To document national standards of care for patients receiving radiotherapy as part of curative treatment for Hodgkin's disease.A national survey was conducted of 61 institutions treating 275 patients with Stages I-III Hodgkin's disease and representing six facility type strata. Pretreatment evaluation, radiotherapy treatment parameters, and use of combined modality therapy were assessed.Ann Arbor stage for the 275 patients was as follows: IA, 69 (25%); IB, 7 (3%); IIA, 123 (45%); IIB, 36 (13%); IIIA 23 (8%), IIIB, 14 (5%); unknown, 3 (1%). Pretreatment evaluation included complete blood count for 93%, sedimentation rate in 29%, chest CT in 88%, abdominal CT scan in 87%, and bone marrow biopsy in 81%. Lymphangiograms were obtained in 50% of cases; laparotomy was performed in 46%. The yield of positive findings in the spleen at laparotomy was 6.5 % overall. Facility differences with respect to staging were seen only for the use of gallium scans, which were more commonly used in academic centers (44% vs. 15-23% elsewhere, p<0.001). Radiotherapy was delivered with a linear accelerator in 94% of cases. Treatment simulation was performed for 94% and individualized blocks constructed for 95% overall; however, freestanding facilities had a lower rate of performance of these procedures (78% vs. 98-99% for simulation and 88% vs. 96-99% for customized blocking, p<0.001). The mean supradiaphragmatic dose was 36.74 Gy and the mean subdiaphragmatic dose was 33.81 Gy. Planned combined modality therapy was given in 36% of patients. The use of combined modality therapy by stage was as follows: IA, 11%; IB, 43%; IIA, 30%; IIB, 68%; IIIA, 57%; IIIB, 100%. Chemotherapy was completed prior to radiation in 80% of cases and generally consisted of ABVD (32%), an alternating regimen (25%), or MOPP (22%). Among Stage I/II patients, use of chemotherapy was associated with reduced radiation doses (mean supradiaphragmatic dose 34.53 Gy vs. 38.43 Gy and mean subdiaphragmatic dose 31.27 Gy vs. 34.51 Gy), and reduced volumes of treatment (87% vs. 28% treated to one side of the diaphragm only). Laparotomy was not associated with decreased supra- or subdiaphragmatic radiation doses or decreased volumes of treatment.With the exception of gallium scans, pretreatment evaluation is relatively uniform across facility strata. Increased understanding of prognostic factors in Hodgkin's disease and greater use of planned combined modality therapy for higher risk patients appears to have contributed to a decreased use of and low yield of positive findings for laparotomy. Laparotomy was not associated with reduced radiation volumes or doses. Freestanding radiation facilities had a lower rate than other facility types for the performance of treatment simulation and customized patient blocking.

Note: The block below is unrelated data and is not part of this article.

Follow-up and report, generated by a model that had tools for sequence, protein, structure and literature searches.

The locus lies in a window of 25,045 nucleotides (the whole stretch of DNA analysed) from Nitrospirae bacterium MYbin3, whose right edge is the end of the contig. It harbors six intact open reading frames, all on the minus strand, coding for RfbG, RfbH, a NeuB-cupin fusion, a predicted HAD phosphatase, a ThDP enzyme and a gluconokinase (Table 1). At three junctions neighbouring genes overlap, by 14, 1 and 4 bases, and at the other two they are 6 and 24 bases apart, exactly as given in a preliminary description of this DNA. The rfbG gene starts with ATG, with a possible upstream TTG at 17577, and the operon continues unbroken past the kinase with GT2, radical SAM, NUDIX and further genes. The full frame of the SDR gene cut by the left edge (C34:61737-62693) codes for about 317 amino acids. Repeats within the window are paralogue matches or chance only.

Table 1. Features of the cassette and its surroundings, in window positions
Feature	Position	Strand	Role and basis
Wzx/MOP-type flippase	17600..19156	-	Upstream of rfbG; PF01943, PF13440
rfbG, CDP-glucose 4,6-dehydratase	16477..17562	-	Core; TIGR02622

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View details for PubMedID 10030258